Daily fantasy sports regulation gambling

Yahoo has joined a growing number of major companies attempting to break into the daily fantasy sports industry. (Image: Eric Risberg/AP)

FanDuel and DraftKings have turned daily fantasy sports from a little niche product to the fastest growing segment of the fantasy sports industry.

Now, with the valuations of each of those companies reaching $1 billion or more, the gaming industry is starting to take notice, with some believing that the daily fantasy games deserve the same kinds of strict regulation casino companies deal with on a regular basis.

According to officials at many major gaming firms, there’s nothing actually wrong with daily fantasy sports (DFS), and they don’t want to see the offerings banned or restricted from the marketplace.

However, they believe that regulation is an important part of any sort of gambling product, something they feel applies to DFS sites just as much as it does a casino or racetrack.

“I think daily fantasy sports betting should be legal, just like I think traditional sports betting should be legal,” William Hill US CEO Joe Asher told Reuters. “But let’s not pretend one is OK and the other is not. Drawing some artificial line between the two makes no sense as a matter of law or policy.”

DFS Embraced by Leagues, Media Titans

All major DFS sites state that their activities are entirely legal, and both DraftKings and FanDuel stay out of five states where they feel laws do not allow fantasy sports games to offer real money prizes.

That argument seems to have a lot of sway, as sports leagues and media companies are both getting on board en masse: most leagues now have partnerships with one or more sites, ESPN has a major advertising and content deal with DraftKings, and both Yahoo and CBS have launched their own DFS products in recent weeks.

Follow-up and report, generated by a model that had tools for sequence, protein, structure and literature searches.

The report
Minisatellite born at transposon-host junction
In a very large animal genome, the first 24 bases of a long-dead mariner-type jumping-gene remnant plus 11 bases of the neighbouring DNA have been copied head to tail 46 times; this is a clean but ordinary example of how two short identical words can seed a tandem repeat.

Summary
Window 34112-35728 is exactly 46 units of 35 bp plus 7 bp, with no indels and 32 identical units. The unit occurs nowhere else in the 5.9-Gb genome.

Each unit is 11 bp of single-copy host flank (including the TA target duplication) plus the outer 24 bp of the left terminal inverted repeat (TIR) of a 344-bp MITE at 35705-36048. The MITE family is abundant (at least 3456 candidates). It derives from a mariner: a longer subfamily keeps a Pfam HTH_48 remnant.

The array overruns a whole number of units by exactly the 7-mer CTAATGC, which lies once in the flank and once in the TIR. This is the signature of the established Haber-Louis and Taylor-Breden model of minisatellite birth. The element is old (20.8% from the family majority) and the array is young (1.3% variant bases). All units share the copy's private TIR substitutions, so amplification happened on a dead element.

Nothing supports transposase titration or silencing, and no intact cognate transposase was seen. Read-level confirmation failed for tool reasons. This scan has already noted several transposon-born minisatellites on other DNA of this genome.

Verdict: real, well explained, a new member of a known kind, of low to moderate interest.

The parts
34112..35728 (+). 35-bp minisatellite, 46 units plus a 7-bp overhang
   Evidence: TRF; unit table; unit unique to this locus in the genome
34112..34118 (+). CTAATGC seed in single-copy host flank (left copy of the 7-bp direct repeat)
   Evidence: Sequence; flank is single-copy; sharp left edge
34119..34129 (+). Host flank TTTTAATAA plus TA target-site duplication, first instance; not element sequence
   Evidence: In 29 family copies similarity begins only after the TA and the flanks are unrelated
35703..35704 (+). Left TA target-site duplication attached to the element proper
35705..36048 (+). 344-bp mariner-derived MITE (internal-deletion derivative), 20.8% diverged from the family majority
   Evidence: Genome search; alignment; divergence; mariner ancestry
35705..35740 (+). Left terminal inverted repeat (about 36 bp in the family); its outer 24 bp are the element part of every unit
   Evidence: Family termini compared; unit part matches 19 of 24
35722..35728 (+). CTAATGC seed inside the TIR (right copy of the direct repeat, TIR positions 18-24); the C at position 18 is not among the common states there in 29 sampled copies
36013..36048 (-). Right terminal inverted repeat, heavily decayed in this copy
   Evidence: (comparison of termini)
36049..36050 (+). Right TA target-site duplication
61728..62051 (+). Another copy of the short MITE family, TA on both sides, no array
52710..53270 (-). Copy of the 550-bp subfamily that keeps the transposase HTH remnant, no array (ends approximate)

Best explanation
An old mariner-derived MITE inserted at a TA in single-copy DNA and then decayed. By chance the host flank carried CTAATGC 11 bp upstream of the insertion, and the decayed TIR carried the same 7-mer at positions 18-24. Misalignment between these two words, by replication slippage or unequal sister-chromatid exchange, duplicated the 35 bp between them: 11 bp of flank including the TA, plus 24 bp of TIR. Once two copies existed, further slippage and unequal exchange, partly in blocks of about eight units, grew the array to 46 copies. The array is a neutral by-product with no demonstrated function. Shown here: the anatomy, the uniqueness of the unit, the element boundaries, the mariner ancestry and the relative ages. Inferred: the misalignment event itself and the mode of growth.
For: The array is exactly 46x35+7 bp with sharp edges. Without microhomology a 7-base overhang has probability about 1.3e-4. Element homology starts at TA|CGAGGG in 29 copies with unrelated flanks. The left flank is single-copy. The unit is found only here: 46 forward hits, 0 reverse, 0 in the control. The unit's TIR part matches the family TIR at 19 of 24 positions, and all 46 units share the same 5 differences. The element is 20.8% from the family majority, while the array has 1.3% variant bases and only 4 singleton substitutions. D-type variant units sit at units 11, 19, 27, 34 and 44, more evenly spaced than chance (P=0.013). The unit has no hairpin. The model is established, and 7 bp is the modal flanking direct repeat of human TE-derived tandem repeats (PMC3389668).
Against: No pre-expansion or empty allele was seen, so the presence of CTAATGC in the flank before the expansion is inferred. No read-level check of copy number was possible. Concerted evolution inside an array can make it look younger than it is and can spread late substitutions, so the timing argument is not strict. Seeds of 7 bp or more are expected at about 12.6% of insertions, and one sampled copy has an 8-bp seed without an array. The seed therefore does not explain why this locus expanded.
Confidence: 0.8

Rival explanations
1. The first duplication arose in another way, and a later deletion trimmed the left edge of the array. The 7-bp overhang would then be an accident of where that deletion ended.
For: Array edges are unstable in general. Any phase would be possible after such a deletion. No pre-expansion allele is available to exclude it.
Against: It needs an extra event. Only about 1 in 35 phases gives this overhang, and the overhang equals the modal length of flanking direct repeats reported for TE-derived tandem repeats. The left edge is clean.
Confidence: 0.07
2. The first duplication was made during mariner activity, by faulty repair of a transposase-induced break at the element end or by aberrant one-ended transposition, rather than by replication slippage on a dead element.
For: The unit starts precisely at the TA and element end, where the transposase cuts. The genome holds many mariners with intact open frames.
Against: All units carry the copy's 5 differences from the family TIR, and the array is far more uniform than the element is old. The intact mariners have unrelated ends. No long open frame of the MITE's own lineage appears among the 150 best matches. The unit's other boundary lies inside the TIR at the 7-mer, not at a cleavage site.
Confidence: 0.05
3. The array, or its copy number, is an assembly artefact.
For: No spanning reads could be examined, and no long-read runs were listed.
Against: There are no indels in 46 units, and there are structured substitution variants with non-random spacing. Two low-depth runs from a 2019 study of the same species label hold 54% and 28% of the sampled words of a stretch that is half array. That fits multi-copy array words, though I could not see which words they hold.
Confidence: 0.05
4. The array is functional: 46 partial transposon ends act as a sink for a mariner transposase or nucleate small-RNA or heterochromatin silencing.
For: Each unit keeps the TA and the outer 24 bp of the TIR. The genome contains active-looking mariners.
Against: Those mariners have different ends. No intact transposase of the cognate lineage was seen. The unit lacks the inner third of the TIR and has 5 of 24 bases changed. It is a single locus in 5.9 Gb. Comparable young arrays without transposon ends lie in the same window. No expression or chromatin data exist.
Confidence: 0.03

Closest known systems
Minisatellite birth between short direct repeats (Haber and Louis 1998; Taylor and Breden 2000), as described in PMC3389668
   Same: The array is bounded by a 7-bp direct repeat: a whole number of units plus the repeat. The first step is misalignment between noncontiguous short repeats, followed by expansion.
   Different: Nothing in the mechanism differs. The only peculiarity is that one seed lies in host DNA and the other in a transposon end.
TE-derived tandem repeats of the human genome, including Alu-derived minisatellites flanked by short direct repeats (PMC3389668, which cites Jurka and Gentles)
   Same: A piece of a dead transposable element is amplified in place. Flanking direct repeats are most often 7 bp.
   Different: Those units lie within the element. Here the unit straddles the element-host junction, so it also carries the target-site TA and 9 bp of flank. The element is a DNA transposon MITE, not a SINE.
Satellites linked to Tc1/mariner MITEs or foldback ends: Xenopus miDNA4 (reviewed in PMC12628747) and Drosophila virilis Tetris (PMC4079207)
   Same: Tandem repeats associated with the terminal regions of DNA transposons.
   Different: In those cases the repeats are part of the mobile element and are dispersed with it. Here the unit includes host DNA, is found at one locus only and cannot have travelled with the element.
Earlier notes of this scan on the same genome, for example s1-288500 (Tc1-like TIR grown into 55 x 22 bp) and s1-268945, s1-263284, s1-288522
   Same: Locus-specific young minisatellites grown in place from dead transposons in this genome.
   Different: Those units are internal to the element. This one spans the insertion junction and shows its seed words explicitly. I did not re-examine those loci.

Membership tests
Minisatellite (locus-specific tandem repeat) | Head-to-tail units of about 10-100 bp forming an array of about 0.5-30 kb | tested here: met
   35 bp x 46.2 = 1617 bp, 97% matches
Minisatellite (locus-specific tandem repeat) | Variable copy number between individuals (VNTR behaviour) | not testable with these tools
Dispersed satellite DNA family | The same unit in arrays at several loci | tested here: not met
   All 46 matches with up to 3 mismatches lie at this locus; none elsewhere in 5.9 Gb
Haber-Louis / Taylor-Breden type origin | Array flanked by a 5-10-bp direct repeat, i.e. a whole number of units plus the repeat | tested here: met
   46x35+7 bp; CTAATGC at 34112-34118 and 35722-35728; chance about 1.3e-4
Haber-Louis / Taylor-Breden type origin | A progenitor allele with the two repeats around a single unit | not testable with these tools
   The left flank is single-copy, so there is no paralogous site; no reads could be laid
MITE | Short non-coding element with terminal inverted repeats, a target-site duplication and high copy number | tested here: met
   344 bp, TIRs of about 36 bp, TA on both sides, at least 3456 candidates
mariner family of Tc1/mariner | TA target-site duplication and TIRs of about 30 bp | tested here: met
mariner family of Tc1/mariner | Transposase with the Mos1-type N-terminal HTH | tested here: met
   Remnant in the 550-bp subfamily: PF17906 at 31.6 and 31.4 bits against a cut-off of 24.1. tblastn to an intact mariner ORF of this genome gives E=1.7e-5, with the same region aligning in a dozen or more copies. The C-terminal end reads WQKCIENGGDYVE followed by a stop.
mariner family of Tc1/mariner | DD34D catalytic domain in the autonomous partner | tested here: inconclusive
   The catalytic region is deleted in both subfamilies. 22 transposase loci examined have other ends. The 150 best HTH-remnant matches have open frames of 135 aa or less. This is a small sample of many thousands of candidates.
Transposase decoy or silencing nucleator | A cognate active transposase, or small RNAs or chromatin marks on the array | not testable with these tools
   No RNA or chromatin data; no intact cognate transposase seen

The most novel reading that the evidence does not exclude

But there are those who are taking a closer look at the growing industry.

In Nevada, the state gaming control board is analyzing the legality of DFS games, though the industry believes it is quite clear that the contests are legal under a fantasy sports exemption in the 2006 Unlawful Internet Gambling Enforcement Act.

“When you start offering daily fantasy contests, then you start to blur the line between skill and chance,” said Nevada Gaming Control Board Chairman AG Burnett. “When chance begins to govern the outcome more than skill, you have a form of gaming, and that’s when the need for regulation kicks in.”

Lobbyists for the fantasy sports industry dispute that characterization, however, saying that their games are clearly more about skill than luck.

“They’re not like games of chance, where no matter how skillful the players is, winning or losing almost always comes down to luck,” said Jeremy Kudon, a partner at Orrick who lobbies for the Fantasy Sports Trade Association.

For their part, FanDuel and DraftKings issued a joint statement for the Reuters report.

In that statement, they said that they work working with officials in the gaming industry “to educate them on the fantasy sports industry as our products are fundamentally separate from, and not competitive with, casinos and gaming businesses.”

Lawsuits Target Free Money Marketing Campaigns

But there are other threats to the industry as well.

DraftKings is facing class action lawsuits in at least three states, including Massachusetts, Florida, and Illinois, from players who feel they were deceived by the company’s aggressive advertising campaign, particularly due to misunderstandings over the nature of how deposit bonuses work.

And while the Fantasy Sports Trade Association believes daily fantasy games should be legal and do not constitute gambling, even they have expressed concerns over the marketing campaigns used by the two major sites.

“The money motivation was never a key element of fantasy sports,” said FSTA President Paul Charchian. “Now a lot of the marketing in daily fantasy sports is really excessively focused on monetary gain.”